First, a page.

Pruning Bare Branches on Holly Bushes

Holly bush with bare branches.
Bare holly branches can be helped by strategic pruning.

I recently planted a pyramidal-shaped holly bush, and the lower branches are pretty bare. Can I prune them to encourage new growth? -Judith

Holly bushes can lose leaves for a number of reasons, from diseases to environmental factors such as light, water, and temperature. Some of the most common causes include:

  • Pests or Disease: The first thing I would recommend is a thorough inspection of the remaining leaves, to see if there are any signs of insects or disease such as spots, shriveled or discolored leaves, bark damage, or galls (strange-looking growths). Some diseases, such as leaf blight, can spread by water splashing up from the ground, which makes the symptoms worse at the bottom of the plant.
  • Overcrowding: If the lower branches were bare when you bought it, they may have simply been too crowded at the garden center and those branches didn’t get enough sun. Or, if hedgerows are planted too close together, the upper branches can block sunlight from the lower branches. Bare branches can also happen when bushes and hedges are over-sheared, which causes thick growth at the edges that blocks light and air from the interior of the plant.

How to Prune Holly Branches

If your plant is otherwise healthy, or if you’ve successfully treated any pest or disease problems, follow these tips to give your holly a strategic pruning that will encourage the bottom branches to fill out:

  • Remove Dead Branches: Go ahead and completely remove any branches that are completely dead. The best way to tell is to lightly scrape off a little bark with your fingernail – if it’s green underneath, the branch is still alive; if it’s brown underneath, it’s dead. Dead branches will also be brittle and snap easily.
  • Pinching back holly branch.
    Pinching back holly branch.
  • Pinch Back Bottom Branches: Very lightly trim or pinch off just the tips of the lower branches, back to a growth bud. This gentle pruning strategy will encourage branching along those stems without shortening them very much. But don’t over-trim! Pyramidal-shaped hollies should always be kept in their natural shape, with the lower branches wider than the uppers. If you prune back the lower branches too far, those branches can be over-shaded and can weaken the plant.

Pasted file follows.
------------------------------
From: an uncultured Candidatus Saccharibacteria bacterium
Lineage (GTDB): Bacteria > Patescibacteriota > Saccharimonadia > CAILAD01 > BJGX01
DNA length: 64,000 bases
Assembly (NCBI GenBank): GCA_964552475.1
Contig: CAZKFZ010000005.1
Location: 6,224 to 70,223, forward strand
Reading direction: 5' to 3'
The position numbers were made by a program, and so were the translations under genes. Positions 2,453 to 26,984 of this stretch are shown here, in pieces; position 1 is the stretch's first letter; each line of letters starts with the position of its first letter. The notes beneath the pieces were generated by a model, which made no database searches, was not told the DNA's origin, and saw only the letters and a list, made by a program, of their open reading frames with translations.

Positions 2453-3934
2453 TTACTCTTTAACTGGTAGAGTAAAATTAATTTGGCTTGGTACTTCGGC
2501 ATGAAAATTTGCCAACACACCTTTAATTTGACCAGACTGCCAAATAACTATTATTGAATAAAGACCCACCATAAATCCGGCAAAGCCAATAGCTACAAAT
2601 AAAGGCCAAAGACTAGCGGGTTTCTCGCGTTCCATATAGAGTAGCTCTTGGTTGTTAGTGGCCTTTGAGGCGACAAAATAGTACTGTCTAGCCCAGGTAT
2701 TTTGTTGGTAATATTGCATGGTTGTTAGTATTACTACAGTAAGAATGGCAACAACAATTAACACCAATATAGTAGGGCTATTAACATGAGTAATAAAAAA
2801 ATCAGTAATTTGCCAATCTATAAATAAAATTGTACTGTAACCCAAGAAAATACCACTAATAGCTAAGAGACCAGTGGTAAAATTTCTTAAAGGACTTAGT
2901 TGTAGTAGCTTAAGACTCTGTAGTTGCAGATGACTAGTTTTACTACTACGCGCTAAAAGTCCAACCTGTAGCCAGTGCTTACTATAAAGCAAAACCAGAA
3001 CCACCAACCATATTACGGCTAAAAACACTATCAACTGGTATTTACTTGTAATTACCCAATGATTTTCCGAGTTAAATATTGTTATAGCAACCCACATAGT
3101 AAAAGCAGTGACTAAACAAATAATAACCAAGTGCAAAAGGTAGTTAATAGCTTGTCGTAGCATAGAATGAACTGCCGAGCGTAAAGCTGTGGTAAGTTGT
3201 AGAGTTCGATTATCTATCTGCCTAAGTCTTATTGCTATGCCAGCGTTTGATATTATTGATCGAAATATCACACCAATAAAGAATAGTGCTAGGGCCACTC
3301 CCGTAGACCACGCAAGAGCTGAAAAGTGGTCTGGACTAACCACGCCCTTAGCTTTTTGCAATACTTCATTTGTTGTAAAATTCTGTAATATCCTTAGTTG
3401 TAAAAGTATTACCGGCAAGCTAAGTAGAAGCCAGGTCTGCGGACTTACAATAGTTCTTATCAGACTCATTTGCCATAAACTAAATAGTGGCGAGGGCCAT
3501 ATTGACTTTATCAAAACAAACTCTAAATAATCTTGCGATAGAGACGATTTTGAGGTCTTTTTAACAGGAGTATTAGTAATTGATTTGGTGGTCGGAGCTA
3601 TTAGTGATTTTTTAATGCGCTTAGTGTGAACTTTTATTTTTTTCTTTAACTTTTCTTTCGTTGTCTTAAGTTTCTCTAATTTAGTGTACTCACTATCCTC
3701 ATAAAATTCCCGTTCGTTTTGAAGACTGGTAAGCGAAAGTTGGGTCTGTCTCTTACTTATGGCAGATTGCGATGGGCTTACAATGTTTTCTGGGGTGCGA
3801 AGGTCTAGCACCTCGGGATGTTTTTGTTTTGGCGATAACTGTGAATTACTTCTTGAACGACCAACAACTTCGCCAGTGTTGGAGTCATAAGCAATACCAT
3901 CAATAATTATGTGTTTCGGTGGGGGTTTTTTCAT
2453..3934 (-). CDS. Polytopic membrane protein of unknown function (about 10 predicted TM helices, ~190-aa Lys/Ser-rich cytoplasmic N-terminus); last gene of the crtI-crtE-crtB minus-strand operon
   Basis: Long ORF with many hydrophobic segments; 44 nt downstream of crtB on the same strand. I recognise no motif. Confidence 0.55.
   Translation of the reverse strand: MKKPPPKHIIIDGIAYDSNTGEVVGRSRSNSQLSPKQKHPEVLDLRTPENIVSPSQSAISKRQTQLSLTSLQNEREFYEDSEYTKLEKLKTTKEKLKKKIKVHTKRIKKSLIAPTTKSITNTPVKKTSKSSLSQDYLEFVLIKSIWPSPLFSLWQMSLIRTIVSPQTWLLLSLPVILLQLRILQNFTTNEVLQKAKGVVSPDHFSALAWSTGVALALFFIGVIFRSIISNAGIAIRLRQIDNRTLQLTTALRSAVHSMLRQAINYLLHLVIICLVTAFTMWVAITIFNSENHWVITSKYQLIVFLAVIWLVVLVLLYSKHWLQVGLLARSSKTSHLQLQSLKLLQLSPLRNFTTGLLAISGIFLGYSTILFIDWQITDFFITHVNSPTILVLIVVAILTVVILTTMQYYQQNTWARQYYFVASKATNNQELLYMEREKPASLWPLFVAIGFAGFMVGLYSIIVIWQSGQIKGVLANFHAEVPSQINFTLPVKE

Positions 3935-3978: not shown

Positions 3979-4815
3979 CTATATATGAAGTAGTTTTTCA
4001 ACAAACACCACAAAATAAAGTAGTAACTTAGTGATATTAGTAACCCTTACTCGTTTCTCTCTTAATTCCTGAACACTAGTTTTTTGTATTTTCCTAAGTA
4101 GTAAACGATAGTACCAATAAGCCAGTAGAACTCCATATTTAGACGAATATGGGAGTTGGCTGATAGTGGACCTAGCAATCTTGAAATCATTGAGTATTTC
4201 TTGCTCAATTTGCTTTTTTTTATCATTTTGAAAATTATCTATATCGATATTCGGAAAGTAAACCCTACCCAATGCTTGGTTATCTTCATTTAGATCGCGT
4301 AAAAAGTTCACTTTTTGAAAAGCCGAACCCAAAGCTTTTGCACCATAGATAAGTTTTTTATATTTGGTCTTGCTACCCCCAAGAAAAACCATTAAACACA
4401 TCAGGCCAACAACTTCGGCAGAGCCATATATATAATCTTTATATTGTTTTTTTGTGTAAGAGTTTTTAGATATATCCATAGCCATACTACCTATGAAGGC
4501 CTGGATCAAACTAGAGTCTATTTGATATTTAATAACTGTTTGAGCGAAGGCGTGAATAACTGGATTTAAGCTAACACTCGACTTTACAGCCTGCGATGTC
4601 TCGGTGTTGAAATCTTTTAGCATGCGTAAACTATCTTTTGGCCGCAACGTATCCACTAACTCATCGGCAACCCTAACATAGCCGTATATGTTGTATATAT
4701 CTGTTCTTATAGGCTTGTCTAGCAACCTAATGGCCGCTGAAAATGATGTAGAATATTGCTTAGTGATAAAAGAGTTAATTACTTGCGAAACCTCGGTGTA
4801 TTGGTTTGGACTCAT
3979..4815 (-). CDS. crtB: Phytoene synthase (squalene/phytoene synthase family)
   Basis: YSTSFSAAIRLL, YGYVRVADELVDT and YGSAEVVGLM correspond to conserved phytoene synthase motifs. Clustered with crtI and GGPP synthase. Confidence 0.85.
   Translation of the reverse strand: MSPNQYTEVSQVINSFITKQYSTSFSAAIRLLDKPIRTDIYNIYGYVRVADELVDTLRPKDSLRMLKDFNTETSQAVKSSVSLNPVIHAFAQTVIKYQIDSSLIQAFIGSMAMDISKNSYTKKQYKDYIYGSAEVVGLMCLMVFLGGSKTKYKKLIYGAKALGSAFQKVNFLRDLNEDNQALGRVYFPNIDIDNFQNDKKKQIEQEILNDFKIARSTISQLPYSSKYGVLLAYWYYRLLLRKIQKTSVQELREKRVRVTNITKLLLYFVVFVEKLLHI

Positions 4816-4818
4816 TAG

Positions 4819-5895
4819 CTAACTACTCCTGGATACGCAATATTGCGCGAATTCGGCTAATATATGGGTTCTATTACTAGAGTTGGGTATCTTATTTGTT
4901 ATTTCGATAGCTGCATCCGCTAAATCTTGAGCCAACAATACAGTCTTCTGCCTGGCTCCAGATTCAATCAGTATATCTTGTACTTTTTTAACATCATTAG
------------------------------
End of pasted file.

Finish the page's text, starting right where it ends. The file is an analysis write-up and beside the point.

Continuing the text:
• Thin Out Crowded Upper Branches: Next, thin out any crowded branches in the upper part of the plant, by completely removing them at the trunk or main branch. Thinning will help let light and air into the plant. This will not only help with shade problems, but also with air circulation and disease prevention. Don’t overdo thinning, though, since those branches may not grow back. When you’re finished, the plant should still look nice and full, just opened up a little.
  • Time Pruning Wisely: Prune hollies in late winter or early spring, during dry weather.
  • Dispose of Prunings: If you suspect a disease or pest problem, bag and discard all the trimmings, and rake up any fallen leaves underneath the plant, to prevent its spread.


Further Information


  1. I would like to cut the lower branches of my holly tree, it is really tall, It would be easier to mow around with the lower branches cut off

  2. My friend received a small indoor Holly bush for her father’s funeral. She has had it any 2 months. Initially, leaves were shiney green. She had it indoors,and now the branches are brittle and the leaves are either pale green, or dark with browning edges, and falling off, easily. She said hubby saw some small bugs(no description) on it. I advised her to pour used soapy dish water over it for the pests. She said she was afraid to do that, in fear it would kill the bush. I went over to look at it and it was worse than I had imagined. It appears the whole bush is dried out, but she says she kept watering it. I told her you trim all the dead limbs off, and she became very emotional, for the sentiment attached is strong . She asked me to take it home to try and revive it. I am not a green thumb gardener, and hope to help, but would appreciate any suggestions on how to trim this little bush?

  3. We have a very tall holly tree in our yard that had cypress trees growing all around it because the cypress trees blocked the sun of the holly tree for so many years the holly tree is only sprouting at the top where it was getting light. There aren’t any branches on the bottom half of the tree. Now that we cut the surrounding trees down and the holly is getting sun again. Should I be hopeful that new branches on the bottom of the tree will sprout out?

    • Hi, Melissa,
      Some things you can only determine in person (and this is one of ’em)! We suggest contacting your local Master Gardeners association for a quick visit. Master gardeners train on a range of topics so they can provide advice, at no charge, for people in their area.
      Thanks for your question, and good luck!


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